I don’t often write these kind of basic, “snippet of my life” posts but I’m feeling kind of inspired to do so today so why not. The following are Youtube links to the five hottest songs on the Monzón Billboard 100.
As you’ll be able to tell, most of the songs here are instrumental tracks, usually covers of classical or pop songs rendered in a jazzy or fusion-ish taste. I’ve been in love with music like this since hearing Bob James’ “Angela”, which was the theme to a cheesy 70s sitcom called Taxi. To this day I’m not sure what compelled me to stick around for the rest of the genre, but I know for a fact that I like the music.
Why? Because when I listen to the horns blare, the strings ride, the saxophones blow and the piano play, I become genuinely excited by the ups and downs of the music, as if the instruments had a human voice of their own and were guiding me through their own emotional rollercoaster – just as songs with lyrics do. Call it weird, call it old fashioned – at the end of the day, it’s a big part of who I am.
5. “Pavane for a Dead Princess” by Deodato on Deodato 2, 1973
I discovered Brazilian artist Eumir Deodato around 2013 I believe, when I first listened to his milestone albums Prelude and Deodato 2 aboard a bus ride to Tallahassee, FL for a journalism camp at Florida Agricultural & Mechanical University. One of my favorite cuts at the time was Skyscrapers, a guitar-heavy fusion-funk fest. But lately I’ve been replaying his rendition of Maurice Revel’s “Pavane for A Dead Princess.” Allmusic calls it a boring rendition, and while it certainly doesn’t match the energy of the rest of the album, it was clearly done on purpose – the strings are simply so majestic in this song, and I look forward to the opportunity to use this cut in a trailer or documentary film sometime in my life. That eerie beginning just adds to the atmosphere.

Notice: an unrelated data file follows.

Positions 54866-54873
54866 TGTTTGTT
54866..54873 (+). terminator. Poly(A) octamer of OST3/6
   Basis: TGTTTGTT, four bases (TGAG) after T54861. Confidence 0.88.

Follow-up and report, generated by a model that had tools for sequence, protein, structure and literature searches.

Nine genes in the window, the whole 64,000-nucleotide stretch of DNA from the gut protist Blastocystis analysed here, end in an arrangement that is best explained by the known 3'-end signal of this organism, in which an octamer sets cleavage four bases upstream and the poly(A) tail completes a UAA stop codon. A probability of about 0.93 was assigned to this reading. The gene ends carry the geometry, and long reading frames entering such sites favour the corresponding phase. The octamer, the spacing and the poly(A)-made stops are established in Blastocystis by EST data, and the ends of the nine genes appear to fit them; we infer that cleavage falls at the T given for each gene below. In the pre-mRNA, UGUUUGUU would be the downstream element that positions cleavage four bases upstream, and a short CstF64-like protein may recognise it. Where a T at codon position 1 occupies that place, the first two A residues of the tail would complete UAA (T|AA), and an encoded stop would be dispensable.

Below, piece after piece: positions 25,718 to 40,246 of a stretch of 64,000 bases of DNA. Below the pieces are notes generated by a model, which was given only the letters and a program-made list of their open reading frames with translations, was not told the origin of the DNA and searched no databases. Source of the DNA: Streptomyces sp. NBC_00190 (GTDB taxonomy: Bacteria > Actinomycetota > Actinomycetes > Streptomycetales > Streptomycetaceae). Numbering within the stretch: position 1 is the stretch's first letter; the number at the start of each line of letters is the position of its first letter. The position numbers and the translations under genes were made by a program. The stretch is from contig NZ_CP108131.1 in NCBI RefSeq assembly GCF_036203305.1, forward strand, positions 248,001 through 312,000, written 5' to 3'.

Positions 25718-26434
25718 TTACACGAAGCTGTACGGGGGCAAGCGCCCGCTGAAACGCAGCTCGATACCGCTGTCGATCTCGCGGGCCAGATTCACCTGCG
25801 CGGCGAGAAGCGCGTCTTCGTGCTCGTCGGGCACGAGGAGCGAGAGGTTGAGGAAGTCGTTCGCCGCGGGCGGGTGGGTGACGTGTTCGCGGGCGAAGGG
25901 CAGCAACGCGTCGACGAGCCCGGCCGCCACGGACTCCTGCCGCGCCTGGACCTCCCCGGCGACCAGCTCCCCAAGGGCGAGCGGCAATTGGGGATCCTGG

4. “Nostalgia” by Gato Barbieri on Ruby, Ruby, 1977
This is an artist and cut I discovered by way of Youtube recommendations, which are incredibly consistent with the “weird” stuff that I’m into. Gato Barbieri passed away just last year in New York, having traveled all the way from Argentina and throughout South America and beyond as he distributed his image of a fiery and impassioned saxophonist specializing in jazz, fusion and world music/Latin jazz. This cut is, as the name indicates, the subject of a nostalgic feel, with the saxophone work warmly reminding you of good times past and the strings adding to the grandeur of it all. I’ve already cheated, by the way, and used this in the trailer for my latest documentary film, “Sasha and The Cat.” I just couldn’t resist!
3. “Family Business” by Kanye West on The College Dropout, 2004
My ex-girlfriend actually showed me this song sometime in 2016, and I fell in love with it as soon as I heard it. Yes it’s a rap song, but first and foremost, it’s actually not about pussy or bling or getting back at your haters! Instead, it’s a warm portrait of a healthily dysfunctional family that’s just trying to have dinner together for a special occassion, with Kanye eschewing the importance of fancy things like diamond rings in favor of more wholesome reality like sleeping with five other cousins in the same bed and whipping out the family memory book. It appeals to love and unison and being accepted, all concepts I’m fascinated by and on the everlasting pursuit of. Needless to say, it sounds good too!
2. “Soledad” by Las Sabrosas Zariguellas on Las Sabrosas Zariguellas, 1995
In case you forgot or didn’t know, I was born in Argentina in 1994 before I immigrated into the United States with my mom and dad in March of 2001. Needless to say, my parents brought a lot of Argentinean music CDs with them on the plane, and one of those albums was Las Sabrosas Zariguellas, which is also the name of the group behind the effort, a mostly poppy and invitingly folkloric group whose cut, “Soledad”, talks about getting back up on your feet even when things don’t go your way. It’s a moving song both in rhythm and lyricism, making it one of my favorites when it comes to Spanish music. It also feels right at home in 2014 despite having been recorded more than twenty years ago.
1. “What’s Going On” by Quincy Jones on Smackwater Jack, 1971
I’d always heard of Quincy Jones as a producer that had worked with the biggest names in music, including none other than the King of Pop himself. But I had no idea he’d made a slew of fantastic jazz albums characterized by high production value and an immaculate understanding of music. I was blown away by his cover of Marvin Gaye’s “What’s Going On”, which expands on the original considerably by adding fantastic string and brass work and making the song feel bigger and even more important than the lyrics would have you believe. It’s a fantastic rendition that feels anything but long even with its nearly 10-minute runtime. I think it’s going to be a personal favorite for years, just like Bob James’ “Angela” is to this day.